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Table Stakes

By Rich

This morning I published a column over at Dark Reading that kicked off some cool comments on Twitter. Since, you know, no one leaves blog comments anymore.

The article is the upshot from various frustrations that have annoyed me lately. To be honest, I could have summarized the entire thing as “grow the f* up”. I’m just as tired of the “security is failing” garbage as I am with ridonkulous fake ROI models, our obsession with threats as the only important metric, and the inability of far too many security folks to recognize operational realities.

Since I’m trying to be better about linking to major articles, here’s an excerpt:

There’s been a lot of hand-wringing in the security community lately. Complaints about compliance, vendors and the industry, or the general short-sightedness of those we work for who define our programs based on the media and audit results. Now we whine about developers ignoring us, executives mandating support for iPads we can’t control (while we still use the patently-insecureable Windows XP) executives who don’t always agree with our priorities, or bad guys coming after us personally.

We’re despondent over endless audit and assessment cycles, FUD, checklists, and half-baked products sold for fully-baked prices; with sales guys targeting our bosses to circumvent our veto.

My response? Get over it. These are the table stakes folks, and if you aren’t up for the game here’s a dollar for the slot machines.

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Comments

In a strange way, I expect people in our field to complain and whine. In fact, it can be quite the cathartic experience. I would even say you’re not quite into a good security mindset/situation until you’re up on the balance board of the game; winning some battles but also feeling the pushback and uphill fights; knowing enough to know no one *does* enough and very few things are secure and very few orgs do much. Untapped analogy: lumberjack games logrolling competitions…only your adversary(ies) is invisible and the game never stops and you won’t ever win… 

But there is a line that many do cross where the whine is taken internally and deeply…far more deeply than is healthy. And repeated. Over and over. And it truly defeats them and burns them out. And it simply does not lead to any changed action. That’s not good.

Good article, btw. :)

By LonerVamp


Responding to both of you,

Yep. Business as usual. But I do think we have much higher visibility than before, and thus while the fundamental nature of the game hasn’t changed, the details have.

Plus there are a lot of newer people just hitting their burnout time :)

By Rich


@Rich

‘Twas ever thus, huh?

Seriously, what’s honestly changed? It’s always been like this in the security game.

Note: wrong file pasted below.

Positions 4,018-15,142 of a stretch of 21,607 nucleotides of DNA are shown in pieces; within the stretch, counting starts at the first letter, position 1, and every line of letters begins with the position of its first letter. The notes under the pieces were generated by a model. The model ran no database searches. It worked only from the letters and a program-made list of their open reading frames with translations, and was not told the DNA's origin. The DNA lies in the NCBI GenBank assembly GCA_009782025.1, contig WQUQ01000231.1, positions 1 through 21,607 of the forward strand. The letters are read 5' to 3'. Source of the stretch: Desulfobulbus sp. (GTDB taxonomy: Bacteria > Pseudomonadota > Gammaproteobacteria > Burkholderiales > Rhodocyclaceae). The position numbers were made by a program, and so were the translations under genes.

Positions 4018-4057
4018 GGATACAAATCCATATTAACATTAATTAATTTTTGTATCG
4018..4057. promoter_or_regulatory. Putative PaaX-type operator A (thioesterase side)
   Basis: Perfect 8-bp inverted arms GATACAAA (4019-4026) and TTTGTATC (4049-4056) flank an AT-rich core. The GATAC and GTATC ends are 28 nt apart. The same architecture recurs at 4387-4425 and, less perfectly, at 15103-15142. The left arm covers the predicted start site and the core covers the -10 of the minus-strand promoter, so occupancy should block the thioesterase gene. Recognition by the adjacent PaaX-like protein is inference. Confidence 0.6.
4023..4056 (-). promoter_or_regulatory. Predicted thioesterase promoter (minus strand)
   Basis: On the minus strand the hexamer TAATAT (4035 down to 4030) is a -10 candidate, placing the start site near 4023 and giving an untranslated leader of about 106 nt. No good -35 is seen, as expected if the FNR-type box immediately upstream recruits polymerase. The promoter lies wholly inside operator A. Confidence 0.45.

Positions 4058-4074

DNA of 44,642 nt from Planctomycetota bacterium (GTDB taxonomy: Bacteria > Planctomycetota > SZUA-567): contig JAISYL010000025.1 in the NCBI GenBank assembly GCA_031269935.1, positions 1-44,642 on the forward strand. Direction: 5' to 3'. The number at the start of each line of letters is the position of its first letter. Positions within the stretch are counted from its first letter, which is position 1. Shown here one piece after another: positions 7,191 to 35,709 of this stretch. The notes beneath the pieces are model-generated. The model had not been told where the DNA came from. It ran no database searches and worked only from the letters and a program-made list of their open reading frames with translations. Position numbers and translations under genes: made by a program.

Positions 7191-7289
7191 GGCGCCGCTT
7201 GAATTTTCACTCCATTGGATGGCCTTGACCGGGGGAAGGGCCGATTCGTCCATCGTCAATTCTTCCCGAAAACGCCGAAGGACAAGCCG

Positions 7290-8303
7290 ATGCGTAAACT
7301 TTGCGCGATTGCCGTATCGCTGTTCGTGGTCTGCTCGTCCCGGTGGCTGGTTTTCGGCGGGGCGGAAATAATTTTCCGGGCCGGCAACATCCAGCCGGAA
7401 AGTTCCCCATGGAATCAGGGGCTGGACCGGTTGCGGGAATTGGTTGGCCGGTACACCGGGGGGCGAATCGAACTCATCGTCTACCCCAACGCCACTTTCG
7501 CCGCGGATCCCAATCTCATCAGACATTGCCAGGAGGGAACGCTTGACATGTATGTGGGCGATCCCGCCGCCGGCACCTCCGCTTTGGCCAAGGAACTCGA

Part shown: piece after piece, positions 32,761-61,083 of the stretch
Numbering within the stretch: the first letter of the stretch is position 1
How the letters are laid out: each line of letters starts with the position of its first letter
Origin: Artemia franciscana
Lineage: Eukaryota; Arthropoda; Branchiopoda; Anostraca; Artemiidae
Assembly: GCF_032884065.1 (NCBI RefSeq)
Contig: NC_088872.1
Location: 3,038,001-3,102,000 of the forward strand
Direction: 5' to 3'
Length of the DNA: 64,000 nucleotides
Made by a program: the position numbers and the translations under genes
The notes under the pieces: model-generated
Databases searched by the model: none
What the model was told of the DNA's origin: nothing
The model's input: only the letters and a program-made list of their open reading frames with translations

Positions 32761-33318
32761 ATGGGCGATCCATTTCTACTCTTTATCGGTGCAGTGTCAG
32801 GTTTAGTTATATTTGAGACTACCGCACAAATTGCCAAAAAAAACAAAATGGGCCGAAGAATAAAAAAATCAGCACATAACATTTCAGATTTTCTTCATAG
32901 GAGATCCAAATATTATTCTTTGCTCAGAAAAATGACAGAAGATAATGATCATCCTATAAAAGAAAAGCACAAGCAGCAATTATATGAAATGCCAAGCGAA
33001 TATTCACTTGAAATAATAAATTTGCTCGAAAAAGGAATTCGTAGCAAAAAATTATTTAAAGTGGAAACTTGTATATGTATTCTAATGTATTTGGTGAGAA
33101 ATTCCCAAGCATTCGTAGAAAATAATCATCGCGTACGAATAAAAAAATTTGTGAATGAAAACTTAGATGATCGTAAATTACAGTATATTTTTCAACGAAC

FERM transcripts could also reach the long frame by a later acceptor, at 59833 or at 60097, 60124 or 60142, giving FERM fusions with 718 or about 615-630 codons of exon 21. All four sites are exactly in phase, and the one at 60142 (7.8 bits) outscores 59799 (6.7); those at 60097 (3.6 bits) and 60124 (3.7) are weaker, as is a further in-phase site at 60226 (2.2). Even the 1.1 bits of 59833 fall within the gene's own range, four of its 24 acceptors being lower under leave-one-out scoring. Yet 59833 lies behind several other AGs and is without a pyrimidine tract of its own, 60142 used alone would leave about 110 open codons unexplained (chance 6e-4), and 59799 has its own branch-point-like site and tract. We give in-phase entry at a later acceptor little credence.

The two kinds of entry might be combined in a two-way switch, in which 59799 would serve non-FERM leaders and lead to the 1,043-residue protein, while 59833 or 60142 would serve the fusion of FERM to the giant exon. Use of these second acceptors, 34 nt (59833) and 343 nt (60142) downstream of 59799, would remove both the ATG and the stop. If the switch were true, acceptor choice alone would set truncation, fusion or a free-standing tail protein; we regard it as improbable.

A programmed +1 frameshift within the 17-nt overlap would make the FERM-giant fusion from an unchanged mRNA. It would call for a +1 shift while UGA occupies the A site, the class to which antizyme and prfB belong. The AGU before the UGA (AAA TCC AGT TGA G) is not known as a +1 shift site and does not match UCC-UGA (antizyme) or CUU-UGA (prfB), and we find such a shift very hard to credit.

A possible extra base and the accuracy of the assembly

Execs have always wanted the latest toys and we have always worried about securing them. We had this problem with iPaq’s and Palm devices in ‘02. iPads and iPhones et al are just different flavours of the same problem. People even more long in the tooth than me will remember earlier flavours of such devices.

And developers have always ignored us by and large. I remember delivering an overview on web application security issues back in ‘04 to a room full of sceptic developers as part of kicking off a secure coding programme in an organisation I used to work for. They found the whole thing vaguely amusing and not much changed though some might argue that this was the ineffectiveness of the programme and a lack of senior management mandate for what we were trying to do as much as developers being cynical - but I digress…

Vendors have always promised the earth and delivered little… that’s marketing for you (sorry, Mike!)

And compliance? We’ve been chasing that dream forever, jumping through whatever compliance hoop gets mandated next in the hope that it can score us a few extra dollars of credit for the security programme with the boss….

From where I’m standing, it’s BAU in terms of security….

By somebloke


@ Rich : Actually it is my fault, because I sometimes comment on blog posts you wrote a year or two after the fact.

I admit that I am guilty of personal attacks, but like jericho at attrition.org, I only do so when it’s artistic, sarcastic, and/or funny. Of course, beauty is in the eye of the beholder and some people miss things irony, sarcasm, and “jab in the ribs” humor when it’s done over the Internet. My apologies to those ever offended.

By Andre Gironda


I’m calling bullshit :)

I have never filtered any of your comments, and our policy is to only filter personal attacks (which you’ve done, but never here on the site, and nothing recent).

If something slipped through, it’s because it really slipped. I actually accidentally closed this one before opening it due to clicking through the UI too fast, so I’m sure it happens.

I’m sort of hoping we can do something to get rid of moderation again at some point. It annoys me to no end that we need it.

By Rich


More like no one approves blog comments anymore since blogspam took over!

The thing I love most about the industry is the personal attacks against each other, and the silencing of voices. For example, Jeremiah Grossman will always have Google administrators delete my Blogger comments to his blog. Even on Securosis, who claims neutrality and openness, I have seen one too many of my comments “slip through the cracks”.

By Andre Gironda


If you like to leave comments, and aren’t a spammer, register for the site and email us at info@securosis.com and we’ll turn off moderation for your account.